San Jose’s biggest school district left the public and its own governing board in the dark about lobbying activities that were carried out on its behalf — and possibly violated government ethics laws in the process, according to a new grand jury report.
San Jose Unified School District hired a consulting firm to help it with a proposal to build affordable housing for district teachers and employees but didn’t disclose to its board or the public that the consulting firm was also lobbying city officials, the Santa Clara County Civil Grand Jury said in a report issued last week.
Indeed, district staff members repeatedly denied to the board the consultancy was doing any lobbying for the district, according to the report.
Meanwhile, SJUSD obscured for the public and its board the lobbying activities another firm it hired was doing at the state level, according to the report.
“The vagueness, inaccuracies and lack of transparency surrounding the consultant contracts cause the Grand Jury to further question whether the district was evaluating these contracts for compliance with government ethics laws,” the grand jury said in its report.
“The Grand Jury is concerned about the district’s lack of attention to this responsibility; the consultants’ failure to disclose their financial interests; and the fact that the public is unaware that consultants may have disqualifying financial interests in the work they perform for the district.”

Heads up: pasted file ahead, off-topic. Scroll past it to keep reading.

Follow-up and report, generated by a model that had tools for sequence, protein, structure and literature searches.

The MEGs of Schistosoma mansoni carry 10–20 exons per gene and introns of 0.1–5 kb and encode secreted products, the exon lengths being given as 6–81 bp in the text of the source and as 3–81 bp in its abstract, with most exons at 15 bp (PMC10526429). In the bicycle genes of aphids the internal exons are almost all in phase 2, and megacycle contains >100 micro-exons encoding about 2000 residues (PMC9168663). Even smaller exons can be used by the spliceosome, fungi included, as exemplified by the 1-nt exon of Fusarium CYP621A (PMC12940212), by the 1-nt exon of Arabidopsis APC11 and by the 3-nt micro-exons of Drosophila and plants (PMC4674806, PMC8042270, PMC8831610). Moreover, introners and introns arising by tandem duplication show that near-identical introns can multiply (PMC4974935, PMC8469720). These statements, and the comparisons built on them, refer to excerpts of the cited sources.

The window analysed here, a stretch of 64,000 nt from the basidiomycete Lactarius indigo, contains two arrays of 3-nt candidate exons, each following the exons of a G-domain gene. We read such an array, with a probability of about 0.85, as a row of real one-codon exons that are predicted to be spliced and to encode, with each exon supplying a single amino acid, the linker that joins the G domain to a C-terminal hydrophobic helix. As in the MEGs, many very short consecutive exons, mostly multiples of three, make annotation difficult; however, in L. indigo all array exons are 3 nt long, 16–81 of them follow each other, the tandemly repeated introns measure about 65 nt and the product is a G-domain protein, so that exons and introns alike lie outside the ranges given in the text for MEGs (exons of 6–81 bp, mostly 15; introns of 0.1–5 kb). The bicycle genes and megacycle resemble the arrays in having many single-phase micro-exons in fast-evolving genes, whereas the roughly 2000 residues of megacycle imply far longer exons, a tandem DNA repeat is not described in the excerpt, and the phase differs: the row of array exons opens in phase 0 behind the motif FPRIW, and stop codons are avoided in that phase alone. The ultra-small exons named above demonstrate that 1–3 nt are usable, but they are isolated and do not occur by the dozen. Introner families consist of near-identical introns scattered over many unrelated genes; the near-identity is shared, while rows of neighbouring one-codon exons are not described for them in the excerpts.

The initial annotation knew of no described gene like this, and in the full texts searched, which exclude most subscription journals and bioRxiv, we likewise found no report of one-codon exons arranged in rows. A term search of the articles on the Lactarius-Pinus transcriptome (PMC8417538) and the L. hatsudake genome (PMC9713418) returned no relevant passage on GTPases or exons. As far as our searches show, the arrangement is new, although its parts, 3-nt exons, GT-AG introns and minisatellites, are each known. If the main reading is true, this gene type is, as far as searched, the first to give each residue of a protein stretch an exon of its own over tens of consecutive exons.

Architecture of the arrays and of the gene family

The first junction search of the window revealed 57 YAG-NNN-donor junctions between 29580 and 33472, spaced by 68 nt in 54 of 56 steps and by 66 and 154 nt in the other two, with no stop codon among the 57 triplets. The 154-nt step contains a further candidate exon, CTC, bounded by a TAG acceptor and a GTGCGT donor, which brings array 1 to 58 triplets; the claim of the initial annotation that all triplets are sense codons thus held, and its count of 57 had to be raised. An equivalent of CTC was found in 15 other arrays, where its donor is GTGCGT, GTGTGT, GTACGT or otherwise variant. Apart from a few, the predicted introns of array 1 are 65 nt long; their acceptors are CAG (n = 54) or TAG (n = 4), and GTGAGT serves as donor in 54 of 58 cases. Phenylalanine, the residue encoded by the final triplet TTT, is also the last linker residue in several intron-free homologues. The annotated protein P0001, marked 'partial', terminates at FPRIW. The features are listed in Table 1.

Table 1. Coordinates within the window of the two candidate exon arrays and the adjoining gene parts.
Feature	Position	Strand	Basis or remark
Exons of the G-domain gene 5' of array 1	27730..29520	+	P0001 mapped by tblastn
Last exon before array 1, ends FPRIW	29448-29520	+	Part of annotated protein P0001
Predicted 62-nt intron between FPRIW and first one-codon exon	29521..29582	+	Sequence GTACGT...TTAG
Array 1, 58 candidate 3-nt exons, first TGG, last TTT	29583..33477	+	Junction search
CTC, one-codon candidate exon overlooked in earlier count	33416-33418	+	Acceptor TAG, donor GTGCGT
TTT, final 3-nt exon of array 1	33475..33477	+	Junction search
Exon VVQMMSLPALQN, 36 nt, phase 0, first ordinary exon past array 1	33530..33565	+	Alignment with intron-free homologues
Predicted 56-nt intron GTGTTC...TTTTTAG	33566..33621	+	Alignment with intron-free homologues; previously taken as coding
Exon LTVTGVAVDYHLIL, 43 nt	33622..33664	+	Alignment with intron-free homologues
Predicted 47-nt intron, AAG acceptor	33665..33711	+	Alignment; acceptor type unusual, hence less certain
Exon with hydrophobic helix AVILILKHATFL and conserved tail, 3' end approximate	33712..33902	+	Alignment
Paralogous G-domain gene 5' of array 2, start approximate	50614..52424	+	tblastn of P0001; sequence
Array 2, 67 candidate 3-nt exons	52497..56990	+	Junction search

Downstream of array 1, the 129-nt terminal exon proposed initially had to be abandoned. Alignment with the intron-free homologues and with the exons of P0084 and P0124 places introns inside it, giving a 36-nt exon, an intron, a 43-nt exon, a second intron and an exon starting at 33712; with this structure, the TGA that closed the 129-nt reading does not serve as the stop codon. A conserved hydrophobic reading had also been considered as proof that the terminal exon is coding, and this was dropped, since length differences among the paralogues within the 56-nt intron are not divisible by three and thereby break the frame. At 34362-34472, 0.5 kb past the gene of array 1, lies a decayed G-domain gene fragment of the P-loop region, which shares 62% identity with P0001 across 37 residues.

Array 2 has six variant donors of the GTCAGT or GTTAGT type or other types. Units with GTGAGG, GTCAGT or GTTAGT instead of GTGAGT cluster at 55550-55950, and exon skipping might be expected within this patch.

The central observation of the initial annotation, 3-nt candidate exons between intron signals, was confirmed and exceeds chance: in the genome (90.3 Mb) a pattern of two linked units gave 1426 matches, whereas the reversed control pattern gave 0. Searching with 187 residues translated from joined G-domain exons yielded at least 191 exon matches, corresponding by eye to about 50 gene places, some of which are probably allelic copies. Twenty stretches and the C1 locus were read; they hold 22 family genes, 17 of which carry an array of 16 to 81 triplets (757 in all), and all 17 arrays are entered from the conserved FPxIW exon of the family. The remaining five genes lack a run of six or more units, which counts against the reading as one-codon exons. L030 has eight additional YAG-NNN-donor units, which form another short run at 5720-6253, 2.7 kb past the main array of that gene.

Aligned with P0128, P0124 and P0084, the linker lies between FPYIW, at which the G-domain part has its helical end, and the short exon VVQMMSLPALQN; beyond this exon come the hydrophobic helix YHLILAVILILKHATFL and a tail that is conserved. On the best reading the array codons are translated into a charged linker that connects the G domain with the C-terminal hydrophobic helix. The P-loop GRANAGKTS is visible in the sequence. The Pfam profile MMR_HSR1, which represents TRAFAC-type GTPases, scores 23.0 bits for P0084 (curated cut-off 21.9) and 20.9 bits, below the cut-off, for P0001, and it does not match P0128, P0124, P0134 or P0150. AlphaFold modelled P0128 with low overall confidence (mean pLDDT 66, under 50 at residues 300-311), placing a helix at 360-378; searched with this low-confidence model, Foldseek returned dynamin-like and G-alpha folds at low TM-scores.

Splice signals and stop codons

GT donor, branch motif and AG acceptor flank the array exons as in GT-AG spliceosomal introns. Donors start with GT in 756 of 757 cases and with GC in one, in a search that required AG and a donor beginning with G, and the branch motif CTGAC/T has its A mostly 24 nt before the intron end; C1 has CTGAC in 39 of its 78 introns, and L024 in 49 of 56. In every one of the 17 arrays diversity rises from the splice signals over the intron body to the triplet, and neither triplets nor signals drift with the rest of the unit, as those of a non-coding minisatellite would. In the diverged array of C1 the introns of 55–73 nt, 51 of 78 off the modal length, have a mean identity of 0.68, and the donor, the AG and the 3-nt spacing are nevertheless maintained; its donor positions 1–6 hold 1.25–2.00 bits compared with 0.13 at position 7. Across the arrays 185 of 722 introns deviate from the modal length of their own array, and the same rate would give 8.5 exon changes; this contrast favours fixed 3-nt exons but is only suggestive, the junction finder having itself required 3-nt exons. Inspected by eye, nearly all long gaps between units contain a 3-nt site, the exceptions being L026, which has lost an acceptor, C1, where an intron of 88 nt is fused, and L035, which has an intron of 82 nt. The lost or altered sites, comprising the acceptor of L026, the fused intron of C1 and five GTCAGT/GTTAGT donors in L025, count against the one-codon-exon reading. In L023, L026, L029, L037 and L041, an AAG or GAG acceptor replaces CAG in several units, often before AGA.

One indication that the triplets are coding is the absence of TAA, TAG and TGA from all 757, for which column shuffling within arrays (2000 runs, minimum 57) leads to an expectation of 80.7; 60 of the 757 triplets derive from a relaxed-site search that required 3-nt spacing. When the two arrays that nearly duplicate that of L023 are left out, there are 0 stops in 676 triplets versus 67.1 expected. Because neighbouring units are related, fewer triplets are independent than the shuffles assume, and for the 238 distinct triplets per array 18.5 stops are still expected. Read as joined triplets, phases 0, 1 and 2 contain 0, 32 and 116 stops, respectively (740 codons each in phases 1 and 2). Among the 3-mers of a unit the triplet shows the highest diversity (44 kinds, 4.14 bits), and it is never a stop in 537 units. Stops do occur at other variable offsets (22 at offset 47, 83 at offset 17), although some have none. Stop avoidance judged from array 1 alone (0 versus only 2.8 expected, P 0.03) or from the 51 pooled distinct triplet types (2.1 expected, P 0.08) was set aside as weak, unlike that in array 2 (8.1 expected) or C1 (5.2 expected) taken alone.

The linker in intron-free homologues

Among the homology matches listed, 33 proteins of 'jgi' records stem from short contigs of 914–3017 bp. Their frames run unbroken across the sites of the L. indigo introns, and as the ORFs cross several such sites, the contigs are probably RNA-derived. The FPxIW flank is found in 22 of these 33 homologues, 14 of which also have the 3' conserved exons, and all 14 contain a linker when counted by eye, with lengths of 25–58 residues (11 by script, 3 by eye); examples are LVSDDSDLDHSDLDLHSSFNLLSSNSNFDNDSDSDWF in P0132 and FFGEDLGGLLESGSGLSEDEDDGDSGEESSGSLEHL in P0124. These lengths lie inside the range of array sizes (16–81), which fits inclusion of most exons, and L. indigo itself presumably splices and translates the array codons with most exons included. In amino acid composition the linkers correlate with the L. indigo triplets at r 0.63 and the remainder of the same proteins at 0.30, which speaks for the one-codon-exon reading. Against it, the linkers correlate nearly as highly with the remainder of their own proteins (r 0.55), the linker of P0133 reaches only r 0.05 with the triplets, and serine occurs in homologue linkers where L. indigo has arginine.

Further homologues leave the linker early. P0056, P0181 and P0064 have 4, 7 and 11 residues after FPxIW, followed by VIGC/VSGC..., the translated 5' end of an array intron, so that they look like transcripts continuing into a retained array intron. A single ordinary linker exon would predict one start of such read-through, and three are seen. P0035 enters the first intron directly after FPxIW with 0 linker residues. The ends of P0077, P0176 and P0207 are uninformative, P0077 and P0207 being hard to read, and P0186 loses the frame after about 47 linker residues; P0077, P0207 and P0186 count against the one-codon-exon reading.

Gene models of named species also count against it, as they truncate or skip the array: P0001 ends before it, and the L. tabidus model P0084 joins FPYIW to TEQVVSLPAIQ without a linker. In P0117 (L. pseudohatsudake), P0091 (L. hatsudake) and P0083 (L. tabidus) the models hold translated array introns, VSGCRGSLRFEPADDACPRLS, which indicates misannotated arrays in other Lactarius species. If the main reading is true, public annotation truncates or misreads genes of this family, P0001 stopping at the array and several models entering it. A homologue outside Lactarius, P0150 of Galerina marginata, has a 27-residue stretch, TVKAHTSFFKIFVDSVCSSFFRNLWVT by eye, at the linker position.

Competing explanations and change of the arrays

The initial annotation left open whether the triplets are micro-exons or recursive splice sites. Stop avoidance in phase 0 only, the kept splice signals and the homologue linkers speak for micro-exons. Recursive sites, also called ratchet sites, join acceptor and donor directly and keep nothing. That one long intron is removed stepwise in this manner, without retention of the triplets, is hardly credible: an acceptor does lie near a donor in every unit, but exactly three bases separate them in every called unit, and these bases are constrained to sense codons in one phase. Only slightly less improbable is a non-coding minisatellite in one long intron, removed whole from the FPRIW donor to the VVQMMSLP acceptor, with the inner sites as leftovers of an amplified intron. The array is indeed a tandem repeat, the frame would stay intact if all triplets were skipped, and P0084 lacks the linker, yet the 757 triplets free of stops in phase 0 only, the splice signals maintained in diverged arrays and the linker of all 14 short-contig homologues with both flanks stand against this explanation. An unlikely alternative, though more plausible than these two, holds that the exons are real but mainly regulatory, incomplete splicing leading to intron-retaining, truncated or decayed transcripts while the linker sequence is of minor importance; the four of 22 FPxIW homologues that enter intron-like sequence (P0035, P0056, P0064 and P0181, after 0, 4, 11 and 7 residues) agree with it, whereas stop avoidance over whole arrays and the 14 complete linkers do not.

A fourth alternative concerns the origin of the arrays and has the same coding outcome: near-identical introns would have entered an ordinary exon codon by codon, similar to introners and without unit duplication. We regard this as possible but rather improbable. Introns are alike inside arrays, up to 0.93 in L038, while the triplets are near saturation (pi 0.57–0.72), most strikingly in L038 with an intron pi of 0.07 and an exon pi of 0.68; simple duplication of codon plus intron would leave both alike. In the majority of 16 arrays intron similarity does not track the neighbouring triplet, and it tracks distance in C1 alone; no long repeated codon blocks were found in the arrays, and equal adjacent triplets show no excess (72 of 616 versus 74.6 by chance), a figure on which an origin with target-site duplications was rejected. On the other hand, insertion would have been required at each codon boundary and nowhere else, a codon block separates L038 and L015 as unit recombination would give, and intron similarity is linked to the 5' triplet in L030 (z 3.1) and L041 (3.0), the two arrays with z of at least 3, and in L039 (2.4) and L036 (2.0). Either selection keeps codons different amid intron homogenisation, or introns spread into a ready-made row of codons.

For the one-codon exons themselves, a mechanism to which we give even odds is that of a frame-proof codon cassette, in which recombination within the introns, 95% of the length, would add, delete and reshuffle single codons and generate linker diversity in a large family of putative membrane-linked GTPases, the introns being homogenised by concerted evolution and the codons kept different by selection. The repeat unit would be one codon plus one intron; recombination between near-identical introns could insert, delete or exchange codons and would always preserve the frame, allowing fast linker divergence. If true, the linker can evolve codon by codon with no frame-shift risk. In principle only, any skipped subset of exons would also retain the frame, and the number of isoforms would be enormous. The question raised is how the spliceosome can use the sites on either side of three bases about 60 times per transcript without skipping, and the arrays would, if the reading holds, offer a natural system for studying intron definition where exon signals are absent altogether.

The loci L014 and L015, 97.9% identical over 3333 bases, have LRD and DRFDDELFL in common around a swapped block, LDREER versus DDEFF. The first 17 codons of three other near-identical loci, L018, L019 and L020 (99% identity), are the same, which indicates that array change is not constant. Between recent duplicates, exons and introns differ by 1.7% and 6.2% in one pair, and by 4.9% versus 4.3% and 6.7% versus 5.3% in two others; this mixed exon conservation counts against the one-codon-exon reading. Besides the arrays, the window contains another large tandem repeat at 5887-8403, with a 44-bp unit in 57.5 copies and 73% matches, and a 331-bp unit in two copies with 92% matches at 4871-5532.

The district declined to immediately comment, saying it would issue a formal response to the report “within the statutory timeframes.”
SJUSD hired planning firm The Schoennauer Company, LLC, a registered lobbyist, in March 2019 at a rate of $2,500 a month to help with its affordable housing proposal. At the time, the district was exploring a plan to relocate some of its schools and construct housing on the properties.
The proposal was opposed by many of the neighbors of the schools facing potential closures. Schoennauer helped SJUSD narrow its list of 10 potential sites for the affordable housing development to four.
The grand jury report also criticized the district’s relationship with a second housing consultant who worked with Schoennauer, Snider Consulting. The agreement with Snider was characterized by a trustee as “very vague about what was to be done.”
From nearly the beginning, opponents criticized the district’s move to hire Schoennauer and questioned the work it was doing for the district. Under questioning from the board, district staff members denied Schoennauer was lobbying for the district.
In fact, though, Schoennauer partner Erik Schoennauer repeatedly met or spoke with city officials, including Mayor Sam Liccardo and Kelly Kline, the city director of land use, about SJUSD’s proposal, according to lobbyist reports filed with the city that were cited in the grand jury report.
“The district repeatedly denied in public meetings that the consultant was lobbying on its behalf despite clear documentation to the contrary,” the grand jury said in its report. “These actions adversely tainted the public contracting process by misleading the board charged with approving the use of public funds for the consultant’s hiring.”